We begin this week a series of four essays that discuss issues of relevance to Pesach.
Ramban (in his concluding remarks to Parashat Bo) observes “Hashem does not make obvious miracles in every generation in the presence of every wicked individual or heretic”. Although this may be a source of frustration to some, we shall endeavor to demonstrate that this is the source from which a wellspring of rich religious experience emerges. Ramban (ad. loc.) will be the focus and basis of our discussion.
The World Functions in a Natural Manner
The following episode recorded by the Gemara (Shabbat 53b) illustrates that Hashem wants the world to function in a natural manner. There was a very poor man whose wife had died after having given birth to a child. The widower became frantic as he had no financial resources to hire a wet nurse to feed the baby. Hashem, though, made a miracle and the husband grew breasts from which he nursed the baby. Rav Yosef exclaimed what a great man this must be that he merited such a great miracle. Abaye, however, declared that just the opposite is true – he must be on a low spiritual level as he needed Hashem to disrupt the natural order instead of providing him with resources in a natural manner. Our challenge is to discover Hashem hiding behind the natural processes of life.
Unfortunately, many neglect their responsibility to seek out Hashem (see Devarim 4:29) and fail to appreciate Hashem and His involvement in the world. Such a situation had existed in the years leading up to Yetzi’at Mitzrayim (the exodus from Egypt), where many did not recognize Hashem (see, for instance Paroh’s exclamation of “Who is Hashem that I should listen to Him”, Shemot 5:2). In addition, many have observed that Hashem does not directly intervene in any of the events recorded in the beginning of Sefer Shemot until the death of Paroh (Shemot 2:23-25) when we cried out to Him in great anguish. In other words, the great miracles surrounding our departure from Egypt followed many years of Hester Panim, in which Hashem so to speak “hid His face”.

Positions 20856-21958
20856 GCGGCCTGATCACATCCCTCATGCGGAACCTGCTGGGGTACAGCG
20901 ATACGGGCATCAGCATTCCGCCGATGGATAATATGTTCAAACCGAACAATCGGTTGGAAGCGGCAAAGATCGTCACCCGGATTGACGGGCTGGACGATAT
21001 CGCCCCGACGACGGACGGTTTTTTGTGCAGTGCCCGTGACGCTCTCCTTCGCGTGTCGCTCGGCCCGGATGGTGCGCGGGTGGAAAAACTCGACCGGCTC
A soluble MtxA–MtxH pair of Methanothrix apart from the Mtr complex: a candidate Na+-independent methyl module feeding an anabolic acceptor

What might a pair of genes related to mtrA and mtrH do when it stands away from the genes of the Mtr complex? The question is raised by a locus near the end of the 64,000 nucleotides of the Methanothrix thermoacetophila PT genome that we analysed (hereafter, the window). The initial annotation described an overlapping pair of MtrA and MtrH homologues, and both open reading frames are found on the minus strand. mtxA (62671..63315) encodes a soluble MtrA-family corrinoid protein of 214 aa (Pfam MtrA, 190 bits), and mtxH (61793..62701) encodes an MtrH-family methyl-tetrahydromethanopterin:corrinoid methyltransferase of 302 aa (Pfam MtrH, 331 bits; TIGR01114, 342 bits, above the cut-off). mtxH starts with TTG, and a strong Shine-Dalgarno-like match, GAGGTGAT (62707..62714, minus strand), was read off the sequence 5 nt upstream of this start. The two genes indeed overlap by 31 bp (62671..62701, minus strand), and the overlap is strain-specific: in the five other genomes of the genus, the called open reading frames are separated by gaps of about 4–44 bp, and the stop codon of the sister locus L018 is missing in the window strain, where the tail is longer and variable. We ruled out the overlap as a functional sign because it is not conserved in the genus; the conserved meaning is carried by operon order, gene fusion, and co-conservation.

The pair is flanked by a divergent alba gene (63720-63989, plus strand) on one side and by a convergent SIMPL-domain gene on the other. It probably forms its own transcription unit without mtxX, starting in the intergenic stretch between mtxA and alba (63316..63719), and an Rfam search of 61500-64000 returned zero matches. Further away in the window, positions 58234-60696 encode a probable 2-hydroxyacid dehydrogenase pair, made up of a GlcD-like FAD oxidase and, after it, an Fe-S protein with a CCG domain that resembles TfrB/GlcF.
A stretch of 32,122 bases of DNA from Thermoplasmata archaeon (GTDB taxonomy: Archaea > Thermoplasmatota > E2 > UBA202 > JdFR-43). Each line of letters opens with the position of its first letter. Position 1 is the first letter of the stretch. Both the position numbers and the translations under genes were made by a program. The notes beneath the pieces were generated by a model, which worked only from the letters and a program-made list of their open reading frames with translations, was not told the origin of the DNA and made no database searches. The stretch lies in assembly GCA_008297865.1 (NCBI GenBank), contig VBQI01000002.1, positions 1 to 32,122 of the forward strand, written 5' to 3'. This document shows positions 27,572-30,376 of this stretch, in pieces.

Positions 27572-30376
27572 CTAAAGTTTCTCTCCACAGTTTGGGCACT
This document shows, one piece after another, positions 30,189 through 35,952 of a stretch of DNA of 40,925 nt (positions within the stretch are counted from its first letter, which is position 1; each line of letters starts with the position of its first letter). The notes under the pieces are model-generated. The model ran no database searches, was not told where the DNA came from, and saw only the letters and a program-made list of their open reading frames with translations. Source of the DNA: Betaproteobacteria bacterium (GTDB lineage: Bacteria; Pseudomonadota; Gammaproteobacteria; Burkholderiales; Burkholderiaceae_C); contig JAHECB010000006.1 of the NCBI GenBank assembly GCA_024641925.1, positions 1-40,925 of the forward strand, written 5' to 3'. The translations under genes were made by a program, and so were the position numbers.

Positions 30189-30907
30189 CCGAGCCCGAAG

Ramban (ad. loc.) explains that this motivated Hashem to incontrovertibly demonstrate His existence and divine intervention through the great miracles of Yetzi’at Mitzrayim. The question remains, though, what about subsequent generations. How does Hashem provide opportunities for people to recognize Him long after the exodus from Egypt?
The Sacred Task of the Jewish People to Publicize Hashem’s Presence
Ramban answers that Hashem has delegated to us the job of publicizing His existence and involvement in the world. Since Hashem will not split the Yam Suf or perform the ten plagues in every generation, it is our job to gather and retell these great stories. Ramban explains that this is the reason for our stressing Yetzi’at Mitzrayim during Pesach and throughout the year. In this manner an agnostic or atheist’s claim of lack of evidence is refuted as Hashem did perform blatant miracles and has entrusted the Jewish People of each generation with the sacred task of continuing to publicize these miracles. Indeed, as Yeshayahu (43:10) exclaims the Jewish People “are My witnesses, says Hashem”. Indeed, it is as if the miracles of Yetzi’at Mitzrayim reoccur each year when we retell the stories.
The Jewish People (as noted by Rabi Yehudah Halevi in his great philosophical work entitled “The Kuzari”) are in the best position to serve as Hashem’s witnesses as approximately two million of our ancestors witnessed first hand the great miracles of Yetzi’at Mitzrayim and the revelation at Har Sinai. These two million people were skeptical individuals who often fought and challenged Moshe Rabbeinu, except at Sinai when they received the Torah (see Rashi to Shemot 19:2 s.v. Vayichan Sham Yisrael).